This circular walk explores the villages of Harrold and Odell and the surrounding countryside. Harrold Odell Country Park and Odell Great Wood are great for wildlife and All Saints Church Odell and Podington Airfield offer an insight into some of the local history.
How To Get There By Passenger Transport
The route can be reached by following the signs to Harrold from the A428 (Bedford to Northampton road) or the A6 (Bedford to Rushden road).
The main car park is at Harrold-Odell Country Park situated to the north of the River Great Ouse, between Harrold and Odell on the Harrold to Carlton Road.
Harrold-Odell Country Park is the suggested starting point. The walk is described in an anti-clockwise direction from the park. However you can begin at any point and walk in either direction.
Distance: 6 miles / 9.5km
Time: 3 hours
There are toilet facilities and refreshments available at the country park during the opening times displayed. Harrold and Odell both have public houses that serve good food..
Harrold - Odell Country Park
The park is an ideal location from which to explore the local countryside. Two tranquil lakes created from land used for sand and gravel extraction cover about half of the park's 144 acres. The picturesque riverbanks and water meadows that make up the rest of the park provide superb opportunities for a wide range of pursuits Harrold Country Park is owned by the Countryside Access Service at Bedfordshire County Council and managed by the Ivel and Ouse Countryside project.
This is a very pleasant and attractive village, situated between the River Great Ouse and the woods. It has stone houses, thatched cottages, a village green, mature trees and a bridge with medieval origins. On the green there is a Lock- up built in 1824 and used to house criminals until they could be dispatched to Bedford, it is one of only about three hundred surviving in the country The Butter Market is also situated on the green and was built between 1710-20 and is a reminder that Harrold had its own market charter. A horse fair was also held regularly, and on these market days villagers could sell beer without licence by displaying a green bough by their door, this custom known as 'tapping' was stopped in 1858.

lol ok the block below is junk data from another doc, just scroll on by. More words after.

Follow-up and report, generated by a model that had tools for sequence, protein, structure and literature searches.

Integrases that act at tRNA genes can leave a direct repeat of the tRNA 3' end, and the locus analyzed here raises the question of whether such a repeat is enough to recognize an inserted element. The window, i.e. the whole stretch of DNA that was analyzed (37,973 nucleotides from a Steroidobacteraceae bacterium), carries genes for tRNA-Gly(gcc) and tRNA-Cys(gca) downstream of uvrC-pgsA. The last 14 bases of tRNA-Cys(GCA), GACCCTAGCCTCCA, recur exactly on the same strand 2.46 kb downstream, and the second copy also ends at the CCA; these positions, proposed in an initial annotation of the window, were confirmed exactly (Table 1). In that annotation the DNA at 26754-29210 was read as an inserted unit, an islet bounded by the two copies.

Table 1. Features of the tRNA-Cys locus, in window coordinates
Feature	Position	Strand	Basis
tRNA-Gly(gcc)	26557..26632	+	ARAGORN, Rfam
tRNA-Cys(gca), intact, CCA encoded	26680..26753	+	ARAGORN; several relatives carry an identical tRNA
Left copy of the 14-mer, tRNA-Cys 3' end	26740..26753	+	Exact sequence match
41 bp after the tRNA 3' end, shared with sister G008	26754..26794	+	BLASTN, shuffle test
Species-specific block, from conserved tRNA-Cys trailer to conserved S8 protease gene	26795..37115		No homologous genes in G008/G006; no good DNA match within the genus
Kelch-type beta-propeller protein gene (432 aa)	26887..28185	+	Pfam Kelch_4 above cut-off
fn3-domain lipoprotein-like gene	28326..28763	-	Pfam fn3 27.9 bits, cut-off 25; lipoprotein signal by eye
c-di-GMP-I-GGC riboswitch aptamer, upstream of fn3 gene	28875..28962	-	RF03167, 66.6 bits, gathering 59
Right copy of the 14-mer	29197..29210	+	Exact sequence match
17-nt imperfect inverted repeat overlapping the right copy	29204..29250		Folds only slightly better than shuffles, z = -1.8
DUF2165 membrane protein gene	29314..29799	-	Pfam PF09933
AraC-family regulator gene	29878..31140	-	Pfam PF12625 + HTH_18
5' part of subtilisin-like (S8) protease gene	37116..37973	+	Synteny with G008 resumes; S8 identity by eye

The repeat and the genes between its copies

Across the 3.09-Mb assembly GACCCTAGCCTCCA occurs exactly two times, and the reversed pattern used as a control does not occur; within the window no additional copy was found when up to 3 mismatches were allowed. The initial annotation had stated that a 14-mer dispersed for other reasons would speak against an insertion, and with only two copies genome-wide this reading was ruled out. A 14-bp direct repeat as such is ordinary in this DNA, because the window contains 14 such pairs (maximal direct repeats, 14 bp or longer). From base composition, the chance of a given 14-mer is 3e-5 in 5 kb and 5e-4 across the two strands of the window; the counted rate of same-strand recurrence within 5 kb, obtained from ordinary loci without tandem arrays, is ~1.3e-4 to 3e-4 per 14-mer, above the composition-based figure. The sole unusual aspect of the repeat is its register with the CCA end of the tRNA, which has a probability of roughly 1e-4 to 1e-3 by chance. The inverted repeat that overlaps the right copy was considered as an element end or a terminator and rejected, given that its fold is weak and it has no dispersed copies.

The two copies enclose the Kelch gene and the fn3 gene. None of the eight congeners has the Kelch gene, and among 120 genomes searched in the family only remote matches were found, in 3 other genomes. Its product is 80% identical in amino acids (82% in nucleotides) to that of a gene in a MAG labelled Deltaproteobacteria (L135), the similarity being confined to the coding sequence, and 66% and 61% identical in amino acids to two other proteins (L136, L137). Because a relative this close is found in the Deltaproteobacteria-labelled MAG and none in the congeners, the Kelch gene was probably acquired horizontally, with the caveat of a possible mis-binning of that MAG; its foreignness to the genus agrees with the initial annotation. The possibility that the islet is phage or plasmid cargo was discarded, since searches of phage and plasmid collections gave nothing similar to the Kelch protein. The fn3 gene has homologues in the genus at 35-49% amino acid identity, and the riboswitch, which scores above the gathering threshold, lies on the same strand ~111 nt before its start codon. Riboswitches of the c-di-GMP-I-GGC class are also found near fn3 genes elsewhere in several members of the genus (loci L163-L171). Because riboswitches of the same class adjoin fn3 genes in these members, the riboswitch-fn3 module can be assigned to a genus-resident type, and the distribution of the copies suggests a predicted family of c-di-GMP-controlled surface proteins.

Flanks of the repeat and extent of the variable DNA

The village is one of the smallest of the Ouse Valley villages and situated in the north of Bedfordshire, close to the borders with Buckinghamshire and Northamptonshire. The influences of these counties exist through Odell's old association with lace making and the leather industry. In Saxon days, the village was called Woadhull (or Woad Hill) because of the amount of woad grown in the area. A Saxon stronghold stood on the banks of the river and when this fell to the Normans, the land was granted to Walter the Fleming who promptly began to erect a motte and bailey castle. By Tudor times the estate was in ruins. William Alston purchased and restored the entire estate in 1633 and the Alston family were still in residence in 1931 when the property was gutted by fire.
All Saints Church - Odell
A local legend attached to the bridleway and the 15th Century church of All Saints concerns Sir Rowland Alston who supposedly sold his soul to the Devil but redeemed himself by claiming sanctuary in the church. The Devil shook the tower in anger at losing a soul and, it is said left an impression of his fingerprints in the stonework of the west- door jamb. Recently an over zealous builder removed the offending marks during maintenance work. However, once in every century the ghost of Sir Rowland repeats his frantic ride to escape the Devil and gallops down the bridleway towards the church. His next gallop is due in 2044.
Flora and Fauna
The wetland habitats of Harrold Country Park attract many birds including herons, swans, terns, grebe and kingfisher. Occasionally otters visit the park, one of Britain's rarest mammals they are now making a comeback following significant conservation work.
Odell Great Wood is one of Bedfordshire's largest blocks of ancient woodland in the area and is a designated Site of Special Scientific Interest. The wood is dominated by oak and ash trees with hazel coppice and provides a habitat for a wide variety of plants and animals. Park wood and the other woods in the area are the last surviving fragments of ancient woodland which once covered the clay ridge to the north west of the river valley. Although human activity has changed these areas significantly they remain valuable sites for wildlife. In the spring, they are particularly attractive with carpets of bluebells, primroses and wood anemones and Park Wood has become heavily colonised by Muntjac deer.
The airfield, built in 1941 was used by the American Army Air Force during World War II. From 1943 until the end of the war B-17 Flying Fortress aircraft flew from here on daylight bombing raids, and at Podington church there is a memorial to the many young Americans killed on operations from this airfield. The airfield was sold in 1961 and returned to agriculture but one of the T2 hangers is still standing.
Tips For Enjoying Your Walk
This is one of a series of circular walk leaflets produced by Bedford Borough Council.